Diamond defect enables magnetic sensing breakthrough

An ultra-sensitive magnetic-field detector could usher in a new generation of sensors for medical and security applications.

Developed by researchers at MIT in the US the new device is claimed to be 1,000 times more energy-efficient than its predecessors and could, it is claimed, lead to miniaturised, battery-powered devices for medical and materials imaging, contraband detection, and even geological exploration.

Magnetic-field detectors – or magnetometers – are already widely used but existing technologies have drawbacks: some rely on gas-filled chambers; others work only in narrow frequency bands, limiting their utility.

The MIT system owes its advanced performance to the innovative use of synthetic diamonds with nitrogen vacancies (NVs) – a defect resulting from a missing atom in the lattice, adjacent to a nitrogen atom.

Electrons in this vacancy interact with magnetic fields, making them useful for sensing applications. A diamond chip about one-twentieth the size of a thumbnail could contain trillions of nitrogen vacancies, each capable of performing its own magnetic-field measurement. However, aggregating all of these measurements has been a problem.

Probing a nitrogen vacancy requires striking it with laser light, which it absorbs and re-emits. The intensity of the emitted light carries information about the vacancy’s magnetic state.

When a light particle – a photon – strikes an electron in a nitrogen vacancy, it kicks it into a higher energy state. When the electron falls back down into its original energy state, it may release its excess energy as another photon. A magnetic field, however, can flip the electron’s magnetic orientation, or spin, increasing the difference between its two energy states. The stronger the field, the more spins it will flip, changing the brightness of the light emitted by the vacancies.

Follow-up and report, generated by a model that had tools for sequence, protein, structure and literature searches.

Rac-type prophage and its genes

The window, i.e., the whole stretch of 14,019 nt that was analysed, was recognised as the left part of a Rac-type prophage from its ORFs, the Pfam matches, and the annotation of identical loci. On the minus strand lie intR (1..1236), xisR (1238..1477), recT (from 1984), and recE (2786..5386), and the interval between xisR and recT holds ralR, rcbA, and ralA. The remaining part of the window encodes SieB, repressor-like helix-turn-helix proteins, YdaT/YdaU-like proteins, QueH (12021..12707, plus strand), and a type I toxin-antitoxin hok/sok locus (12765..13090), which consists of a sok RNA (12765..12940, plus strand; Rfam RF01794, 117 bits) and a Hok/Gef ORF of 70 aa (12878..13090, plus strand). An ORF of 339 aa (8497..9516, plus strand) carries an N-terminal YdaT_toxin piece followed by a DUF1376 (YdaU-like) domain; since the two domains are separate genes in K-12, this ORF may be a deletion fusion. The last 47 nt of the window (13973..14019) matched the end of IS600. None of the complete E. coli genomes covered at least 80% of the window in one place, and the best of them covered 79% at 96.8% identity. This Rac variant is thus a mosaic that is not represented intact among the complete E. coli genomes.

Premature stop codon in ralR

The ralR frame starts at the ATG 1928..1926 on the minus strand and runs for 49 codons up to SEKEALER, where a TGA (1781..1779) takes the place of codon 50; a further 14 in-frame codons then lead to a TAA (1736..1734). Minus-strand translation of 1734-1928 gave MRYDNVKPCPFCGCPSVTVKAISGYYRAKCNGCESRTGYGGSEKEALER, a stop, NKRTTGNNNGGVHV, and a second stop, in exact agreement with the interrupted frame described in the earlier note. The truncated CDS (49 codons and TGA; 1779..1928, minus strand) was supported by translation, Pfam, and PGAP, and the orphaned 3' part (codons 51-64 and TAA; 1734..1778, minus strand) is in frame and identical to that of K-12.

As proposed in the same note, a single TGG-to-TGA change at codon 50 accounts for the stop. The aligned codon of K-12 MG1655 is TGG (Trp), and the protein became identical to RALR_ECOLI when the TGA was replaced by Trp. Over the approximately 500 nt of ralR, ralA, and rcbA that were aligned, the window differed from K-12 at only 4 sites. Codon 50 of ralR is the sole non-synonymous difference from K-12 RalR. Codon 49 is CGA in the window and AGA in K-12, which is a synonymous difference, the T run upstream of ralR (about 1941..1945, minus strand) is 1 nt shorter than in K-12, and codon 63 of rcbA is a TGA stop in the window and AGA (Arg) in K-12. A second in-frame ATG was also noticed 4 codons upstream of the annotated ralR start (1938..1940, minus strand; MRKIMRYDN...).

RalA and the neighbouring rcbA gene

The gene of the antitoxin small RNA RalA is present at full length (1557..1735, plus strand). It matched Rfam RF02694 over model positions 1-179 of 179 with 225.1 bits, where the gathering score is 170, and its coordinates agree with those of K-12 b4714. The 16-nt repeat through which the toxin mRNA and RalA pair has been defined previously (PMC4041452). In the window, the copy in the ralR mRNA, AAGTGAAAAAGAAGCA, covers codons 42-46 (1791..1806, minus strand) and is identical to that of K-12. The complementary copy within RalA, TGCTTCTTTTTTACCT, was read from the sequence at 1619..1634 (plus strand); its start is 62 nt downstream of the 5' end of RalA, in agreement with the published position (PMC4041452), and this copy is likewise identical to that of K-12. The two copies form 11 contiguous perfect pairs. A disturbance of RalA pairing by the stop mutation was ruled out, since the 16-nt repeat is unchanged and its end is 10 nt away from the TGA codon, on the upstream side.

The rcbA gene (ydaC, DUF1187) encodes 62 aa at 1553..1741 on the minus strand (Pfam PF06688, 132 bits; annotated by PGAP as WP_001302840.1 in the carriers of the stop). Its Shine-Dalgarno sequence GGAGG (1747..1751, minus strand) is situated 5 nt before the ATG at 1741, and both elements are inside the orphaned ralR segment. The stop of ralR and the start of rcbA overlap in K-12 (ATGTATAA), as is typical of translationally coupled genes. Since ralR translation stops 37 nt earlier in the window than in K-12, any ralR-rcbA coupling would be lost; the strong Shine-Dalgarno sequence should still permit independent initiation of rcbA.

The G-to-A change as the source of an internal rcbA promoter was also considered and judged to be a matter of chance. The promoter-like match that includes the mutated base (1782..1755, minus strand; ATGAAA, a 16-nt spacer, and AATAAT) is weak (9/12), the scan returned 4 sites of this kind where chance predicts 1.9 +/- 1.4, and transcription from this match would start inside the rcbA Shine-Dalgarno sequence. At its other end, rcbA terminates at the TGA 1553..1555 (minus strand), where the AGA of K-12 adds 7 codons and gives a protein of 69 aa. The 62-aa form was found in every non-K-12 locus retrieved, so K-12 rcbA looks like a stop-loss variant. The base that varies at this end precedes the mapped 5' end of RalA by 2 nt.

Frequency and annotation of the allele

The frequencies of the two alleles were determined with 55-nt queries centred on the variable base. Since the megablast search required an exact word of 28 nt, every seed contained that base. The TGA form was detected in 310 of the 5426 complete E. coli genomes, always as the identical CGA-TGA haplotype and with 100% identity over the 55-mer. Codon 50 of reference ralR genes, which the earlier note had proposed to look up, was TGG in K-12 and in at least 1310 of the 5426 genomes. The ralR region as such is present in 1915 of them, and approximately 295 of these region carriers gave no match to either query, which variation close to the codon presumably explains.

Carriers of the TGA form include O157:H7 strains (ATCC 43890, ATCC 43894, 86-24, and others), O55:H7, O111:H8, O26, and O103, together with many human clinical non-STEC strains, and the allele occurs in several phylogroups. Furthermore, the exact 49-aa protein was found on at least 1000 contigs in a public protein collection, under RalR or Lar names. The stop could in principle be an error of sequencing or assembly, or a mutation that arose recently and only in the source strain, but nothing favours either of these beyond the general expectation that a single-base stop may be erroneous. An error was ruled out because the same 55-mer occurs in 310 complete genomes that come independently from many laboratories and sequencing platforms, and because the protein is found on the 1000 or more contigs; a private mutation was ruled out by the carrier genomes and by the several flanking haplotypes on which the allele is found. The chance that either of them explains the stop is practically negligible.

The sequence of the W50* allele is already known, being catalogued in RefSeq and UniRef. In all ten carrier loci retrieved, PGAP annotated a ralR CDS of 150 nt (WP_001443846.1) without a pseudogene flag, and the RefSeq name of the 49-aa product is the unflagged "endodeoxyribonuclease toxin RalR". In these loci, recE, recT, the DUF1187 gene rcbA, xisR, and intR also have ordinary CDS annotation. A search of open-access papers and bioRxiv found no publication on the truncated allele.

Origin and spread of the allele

Making accurate measurements with this type of chip requires collecting as many of those photons as possible.

In order to achieve this, the MIT team calculated the angle at which the laser beam should enter the crystal so that it will remain confined, bouncing off the sides in a pattern that spans the length and breadth of the crystal before all of its energy is absorbed.

Prof Dirk Englund, one of the designers of the device, said that this confers considerable advantages. “You can get close to a meter in path length,” he said in a statement. ”It’s as if you had a meter-long diamond sensor wrapped into a few millimeters.” As a consequence, the chip uses the pump laser’s energy 1,000 times as efficiently as its predecessors did.

Because of the geometry of the nitrogen vacancies, the re-emitted photons emerge at four distinct angles. A lens at one end of the crystal can collect 20 per cent of them and focus them onto a light detector, which is enough to yield a reliable measurement.